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Texas Rangers pitcher Yu Darvish throws to the Toronto Blue Jays' Jose Bautista in the first inning. (Fred Thornhill/Reuters/Fred Thornhill/Reuters)
Texas Rangers pitcher Yu Darvish throws to the Toronto Blue Jays' Jose Bautista in the first inning. (Fred Thornhill/Reuters/Fred Thornhill/Reuters)

Jeff Blair

Darvish proves to Jays he's real deal Add to ...

It is a fact that the biggest vote of confidence a manager can give a starting pitcher is to give him the ball every fifth day, and one of the things we know about John Farrell is he’s not big on grand pronouncements or magnanimous actions.



But with all the talk about Yu Darvish ahead of his first appearance in Toronto, it was telling that the Toronto Blue Jays manager referred to Kyle Drabek and Drew Hutchison as “our guys” in his pregame media session. It was a sign that in Farrell’s mind, a statute of limitations ought to be in place on whining about the team's halfhearted pursuit of Darvish.

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The Blue Jays fan base might have received the message. A crowd of 21,945 showed up at the Rogers Centre to see baseball’s newest bright young thing – nice for a Monday, but not turnstile-spinning. And while Darvish came to North America as a combination ace-cultural icon from Japan, the city’s Japanese community was not in evidence as much as it has done in the past for Hideki Matsui or Ichiro Suzuki. Buzzes? Meh, I’ve seen better.



But my goodness, can Darvish pitch. And just wait until the next time he comes through the Rogers Centre. Wait until he’s comfortable.



“It was an awkward feeling,” Darvish said after the Rangers 4-1 win, the teams fifth in as many starts by him. “Rumour had it [the Blue Jays]were a team that could have posted for me … they could have been my teammates.”



Sent in a day ahead of the rest of his teammates and pitching on five days rest, Darvish worked from the stretch (he has fiddled around with the windup and the stretch since his first outing in spring training, sometimes as a means of maintaining his mechanics, sometimes – well, sometimes just because) and struck out nine Blue Jays while walking two, giving up four hits including his first Major League home run to Edwin Encarnacion, whom he also hit with a pitch. Darvish needed just 97 pitches to put seven innings in the book, after coming into the game averaging a Major League-high 113 pitches. He has a slow-slower-slowest curve, and used his slider to put away four of his strikeouts as well as three cut fastballs. It is unusual to see a starter pitch from the stretch without runners on base, although another Japanese pitcher, Hideo Nomo, pitched a no-hitter by working from the stretch for eight innings after being uncomfortable in the windup in the first inning.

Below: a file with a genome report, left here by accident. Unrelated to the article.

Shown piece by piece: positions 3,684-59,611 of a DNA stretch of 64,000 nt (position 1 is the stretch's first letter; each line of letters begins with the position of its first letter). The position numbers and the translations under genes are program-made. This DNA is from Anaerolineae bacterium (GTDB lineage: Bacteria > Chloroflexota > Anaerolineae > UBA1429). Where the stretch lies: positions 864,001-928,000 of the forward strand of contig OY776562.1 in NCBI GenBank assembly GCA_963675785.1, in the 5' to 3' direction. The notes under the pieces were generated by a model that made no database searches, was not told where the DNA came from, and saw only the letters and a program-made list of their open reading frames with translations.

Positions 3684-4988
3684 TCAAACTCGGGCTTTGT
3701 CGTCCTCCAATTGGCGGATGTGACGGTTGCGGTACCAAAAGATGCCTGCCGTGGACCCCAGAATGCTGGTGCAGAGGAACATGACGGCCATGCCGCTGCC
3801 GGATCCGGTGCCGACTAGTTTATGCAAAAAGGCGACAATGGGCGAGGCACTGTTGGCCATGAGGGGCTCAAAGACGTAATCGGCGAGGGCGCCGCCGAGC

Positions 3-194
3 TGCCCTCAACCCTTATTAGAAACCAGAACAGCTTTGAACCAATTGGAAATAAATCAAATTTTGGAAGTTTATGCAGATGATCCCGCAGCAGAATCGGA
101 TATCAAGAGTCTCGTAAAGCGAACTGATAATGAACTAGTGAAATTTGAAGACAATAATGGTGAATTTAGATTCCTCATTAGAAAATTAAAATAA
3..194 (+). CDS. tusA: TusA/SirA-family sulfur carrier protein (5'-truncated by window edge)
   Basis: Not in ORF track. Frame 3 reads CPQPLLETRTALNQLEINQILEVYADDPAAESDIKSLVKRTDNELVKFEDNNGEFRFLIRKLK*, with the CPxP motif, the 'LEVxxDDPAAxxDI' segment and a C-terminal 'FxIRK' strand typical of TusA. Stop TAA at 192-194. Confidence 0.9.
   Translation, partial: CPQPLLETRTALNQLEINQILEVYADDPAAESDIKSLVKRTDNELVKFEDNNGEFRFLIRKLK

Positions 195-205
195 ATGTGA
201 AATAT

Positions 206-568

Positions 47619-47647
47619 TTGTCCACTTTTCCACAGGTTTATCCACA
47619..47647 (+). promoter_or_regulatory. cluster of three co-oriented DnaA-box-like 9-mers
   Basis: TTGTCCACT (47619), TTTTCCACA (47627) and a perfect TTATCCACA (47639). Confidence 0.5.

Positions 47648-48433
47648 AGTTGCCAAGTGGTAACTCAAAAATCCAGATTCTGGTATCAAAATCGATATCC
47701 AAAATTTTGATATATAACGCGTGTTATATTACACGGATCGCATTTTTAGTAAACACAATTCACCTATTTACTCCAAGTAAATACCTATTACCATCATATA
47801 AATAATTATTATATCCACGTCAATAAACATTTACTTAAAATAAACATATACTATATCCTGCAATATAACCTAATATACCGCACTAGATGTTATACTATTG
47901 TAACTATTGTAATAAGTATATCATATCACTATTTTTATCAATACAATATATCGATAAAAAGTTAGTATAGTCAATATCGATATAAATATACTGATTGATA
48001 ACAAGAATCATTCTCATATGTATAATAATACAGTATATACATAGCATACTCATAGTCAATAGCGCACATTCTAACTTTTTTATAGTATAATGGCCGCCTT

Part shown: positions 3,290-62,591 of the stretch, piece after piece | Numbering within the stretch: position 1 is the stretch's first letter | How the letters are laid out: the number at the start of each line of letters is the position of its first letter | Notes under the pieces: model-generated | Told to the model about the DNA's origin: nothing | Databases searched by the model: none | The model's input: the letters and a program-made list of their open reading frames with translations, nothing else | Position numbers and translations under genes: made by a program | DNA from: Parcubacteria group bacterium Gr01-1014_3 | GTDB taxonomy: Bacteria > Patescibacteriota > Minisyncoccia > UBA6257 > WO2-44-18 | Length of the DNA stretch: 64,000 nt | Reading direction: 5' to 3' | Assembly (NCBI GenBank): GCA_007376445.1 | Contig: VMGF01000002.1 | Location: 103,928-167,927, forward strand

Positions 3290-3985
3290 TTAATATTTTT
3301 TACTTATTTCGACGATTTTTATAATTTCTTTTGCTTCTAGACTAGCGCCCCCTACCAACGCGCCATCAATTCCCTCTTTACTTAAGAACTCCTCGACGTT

“Right away it caught me off guard,” Blue Jays second baseman Kelly Johnson said of Darvish pitching from the stretch. “I couldn’t remember if he did it to Yunel [Escobar]right in front of me. I was focused more on my timing. I get in there, and I’m like: ‘Is he doing this just for me.’ Someone said he likes to do that when he’s not feeling good in the warmup.”



It will never salve the wounds of the “give us something – anything – to feel good about crowd,” but the fact is starting pitching has not been an issue with the Blue Jays this season. Drabek gave up two runs on five hits while striking out a career-high eight and walking two.



True, the Rangers arrived in their Toronto hotel at 5:30 and, true, Josh Hamilton was out of the lineup with a back issue. But this is still the best team in baseball by a significant length. It has a tendency to make pitchers – good pitchers - appear to shrink on the mound, but if anything Drabek seemed to grow in stature as the game went on.



Drabek rang up five of his strikeouts on curve-balls, one on a two-seam sinker and two more on four-seam fastballs. It was intriguing pitch selection from Drabek and catcher J.P. Arencibia, since much had been made about how the Blue Jays believed Drabek would be better served by concentrating on using a sinker, change-up and curve, and forgetting the four-seamer, cutter and slider.



Yet Drabek showed signs early in the game of some of the mechanical issues that plagued him last season, yanking some of his pitches especially to right-handed hitters. And after Arencibia went to the mound in the second inning with Mike Napoli at the plate, one out a run in and a man on second, Drabek threw consecutive sliders to Rangers catcher Napoli, who grounded out. Drabek survived the second and a rocky start to the third and at one point struck out five consecutive Rangers.



Farrell said that Drabek’s start on Monday and Tuesday’s start for Hutchison against Neftali Feliz will give the Blue Jays “a clear read on what they have to offer against the best in the American League.” He was talking about the Rangers lineup, not the opposite number on the ground, but Farrell concurred that the best Major League pitchers sometimes do pitch up to their opposite number.



“It’s a natural that pitchers might view it like that,” Farrell said. “Against quality starters, runs will be at a premium, and that may mean they bear down.”



That has not been an issue for the Blue Jays starters most of this season. The hitters might want to follow their lead.

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